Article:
Erin Smith, 27, a publicist in Upper Marlboro, MD., struggles with anxiety. She can tell therapy is working well since she now implements some of the coping mechanisms she’s learned there. “I catastrophize and go down a rabbit hole when bad things happen,” says Smith. But because of therapy she’s able to interrupt those thoughts with constructive alternatives.

“I brainstorm positive outcomes of the situation. I write down what I would like to see happen and follow with positive affirmations,” says Smith. “It has created a dramatic improvement in the way I deal with high-stress situations.”

In Smith’s case, clearly something is working. She learned tools to cope with high stress situations and they’re working.

But is it always this simple? Not exactly, according to the experts. Figuring out if therapy is working can be complicated and the clues are sometimes subtle. Therapy doesn’t work like taking an aspirin, it can be much harder to quantify and define success when it may seem subjective.

So, how do you tell? Is it because your therapist says you’re making progress? Maybe it’s working since you feel better after a session. How about if you feel less depressed, anxious or communicate better?

“Therapy is a serious investment and an important endeavor. That’s why it’s so important to consider carefully who you chose to work with,” says Lisa Wolcott, LCSW, at Wolcott Counseling & Wellness, LLC in Gainesville, Fla.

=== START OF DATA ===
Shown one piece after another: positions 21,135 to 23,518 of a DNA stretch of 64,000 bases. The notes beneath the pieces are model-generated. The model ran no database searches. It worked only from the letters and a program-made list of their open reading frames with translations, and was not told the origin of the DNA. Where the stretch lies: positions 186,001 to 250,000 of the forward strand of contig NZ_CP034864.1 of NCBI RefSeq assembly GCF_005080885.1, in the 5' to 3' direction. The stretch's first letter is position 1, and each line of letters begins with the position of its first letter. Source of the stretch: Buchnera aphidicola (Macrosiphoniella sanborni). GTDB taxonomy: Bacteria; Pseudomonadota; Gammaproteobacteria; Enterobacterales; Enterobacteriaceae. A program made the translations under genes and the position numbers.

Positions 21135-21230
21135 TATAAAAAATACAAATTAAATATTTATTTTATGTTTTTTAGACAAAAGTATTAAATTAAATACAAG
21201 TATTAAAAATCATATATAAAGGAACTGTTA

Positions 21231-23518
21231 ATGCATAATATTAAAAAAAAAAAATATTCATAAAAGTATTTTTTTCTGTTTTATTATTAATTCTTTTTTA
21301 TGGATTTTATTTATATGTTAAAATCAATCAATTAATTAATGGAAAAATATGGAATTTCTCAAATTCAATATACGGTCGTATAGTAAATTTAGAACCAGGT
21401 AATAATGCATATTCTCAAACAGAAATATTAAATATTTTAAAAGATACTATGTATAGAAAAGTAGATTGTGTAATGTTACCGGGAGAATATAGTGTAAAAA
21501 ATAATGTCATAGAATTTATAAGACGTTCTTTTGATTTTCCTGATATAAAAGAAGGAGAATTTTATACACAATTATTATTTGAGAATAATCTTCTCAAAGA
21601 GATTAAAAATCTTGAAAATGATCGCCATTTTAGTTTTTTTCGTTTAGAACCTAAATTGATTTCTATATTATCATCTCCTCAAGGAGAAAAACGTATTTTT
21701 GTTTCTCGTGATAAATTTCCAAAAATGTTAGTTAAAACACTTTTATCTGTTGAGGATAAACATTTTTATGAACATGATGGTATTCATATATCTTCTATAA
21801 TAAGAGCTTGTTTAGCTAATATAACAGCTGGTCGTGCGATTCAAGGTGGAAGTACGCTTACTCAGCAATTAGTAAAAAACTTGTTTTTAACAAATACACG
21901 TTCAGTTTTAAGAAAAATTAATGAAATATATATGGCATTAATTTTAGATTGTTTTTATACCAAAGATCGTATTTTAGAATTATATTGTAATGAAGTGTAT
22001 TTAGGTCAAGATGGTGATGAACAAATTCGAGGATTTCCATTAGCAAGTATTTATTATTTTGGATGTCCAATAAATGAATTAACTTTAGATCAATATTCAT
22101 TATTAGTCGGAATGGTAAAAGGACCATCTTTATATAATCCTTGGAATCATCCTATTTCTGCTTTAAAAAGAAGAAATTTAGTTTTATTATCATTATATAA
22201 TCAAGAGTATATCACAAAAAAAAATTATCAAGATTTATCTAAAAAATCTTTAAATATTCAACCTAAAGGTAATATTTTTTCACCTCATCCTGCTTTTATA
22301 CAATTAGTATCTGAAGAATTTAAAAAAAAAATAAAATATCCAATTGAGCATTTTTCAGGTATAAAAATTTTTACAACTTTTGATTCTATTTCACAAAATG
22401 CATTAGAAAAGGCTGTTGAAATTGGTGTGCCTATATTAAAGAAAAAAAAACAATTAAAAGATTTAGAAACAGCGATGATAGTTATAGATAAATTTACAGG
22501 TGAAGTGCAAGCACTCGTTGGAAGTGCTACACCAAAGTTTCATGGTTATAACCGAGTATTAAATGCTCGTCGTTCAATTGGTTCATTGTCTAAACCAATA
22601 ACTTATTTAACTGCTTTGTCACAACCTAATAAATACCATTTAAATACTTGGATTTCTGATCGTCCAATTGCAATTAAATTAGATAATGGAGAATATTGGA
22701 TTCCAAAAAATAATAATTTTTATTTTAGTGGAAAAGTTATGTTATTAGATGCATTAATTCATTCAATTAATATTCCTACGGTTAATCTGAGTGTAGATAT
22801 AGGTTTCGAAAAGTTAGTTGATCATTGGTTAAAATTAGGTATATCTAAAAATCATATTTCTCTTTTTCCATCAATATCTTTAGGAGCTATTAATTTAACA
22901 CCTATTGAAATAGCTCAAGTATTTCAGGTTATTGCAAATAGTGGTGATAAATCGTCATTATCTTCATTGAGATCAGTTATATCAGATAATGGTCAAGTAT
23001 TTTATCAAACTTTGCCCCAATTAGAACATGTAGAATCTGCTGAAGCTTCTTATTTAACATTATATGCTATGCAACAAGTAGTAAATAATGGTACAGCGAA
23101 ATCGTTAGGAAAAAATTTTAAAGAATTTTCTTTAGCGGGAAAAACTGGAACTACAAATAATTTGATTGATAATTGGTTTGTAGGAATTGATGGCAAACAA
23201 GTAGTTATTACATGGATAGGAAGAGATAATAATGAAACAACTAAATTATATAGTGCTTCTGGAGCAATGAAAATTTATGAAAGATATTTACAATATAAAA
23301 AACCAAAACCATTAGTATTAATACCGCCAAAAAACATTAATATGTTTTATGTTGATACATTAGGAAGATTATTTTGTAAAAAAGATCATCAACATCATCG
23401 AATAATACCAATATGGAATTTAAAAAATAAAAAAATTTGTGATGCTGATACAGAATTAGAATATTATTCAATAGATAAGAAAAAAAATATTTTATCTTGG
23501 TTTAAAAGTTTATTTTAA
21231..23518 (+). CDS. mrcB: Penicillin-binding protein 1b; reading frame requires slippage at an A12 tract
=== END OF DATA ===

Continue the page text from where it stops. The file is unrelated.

Laying The Foundation For Therapy To Work

Your therapist should be someone who “gets” you, makes you feel profoundly understood, yet also challenges you effectively.

Plus, you need to trust your therapist not to judge you. “Liking your therapist is important, because if you don’t think highly of them, talking to them won’t be helpful,” says Jennie Steinberg, LMFT, LPCC, in a Los Angeles-based psychotherapy practice called Through the Woods Therapy Center.

In fact, research shows that the main thing that impacts whether you change through therapy is the quality of the therapeutic alliance. Can you be blunt with your therapist? Can you tell them everything? If you’re afraid to tell your therapist things, especially things you think they might disagree with, then therapy won’t be effective. “It only works when you can be your whole self,” says Steinberg.

Setting Your Expectations For Therapy

“Progress in therapy isn’t supposed to be shrouded in mystery,” says Hailey Shafir, LCMHCS, LPCS, a therapist at Choosing Therapy, in Brooklyn, N.Y.

Early in treatment, the client and therapist should set SMART goals (specific, measurable, attainable, relevant and time-bound) that structure your work together.

Goals should be periodically revisited to check on progress and revised to reflect the treatment plan.

“I emphasize that the real progress doesn’t occur in the one hour they spend with me each week, but in all of the other hours where they have the opportunity to take what they have learned and do things differently,” says Shafir.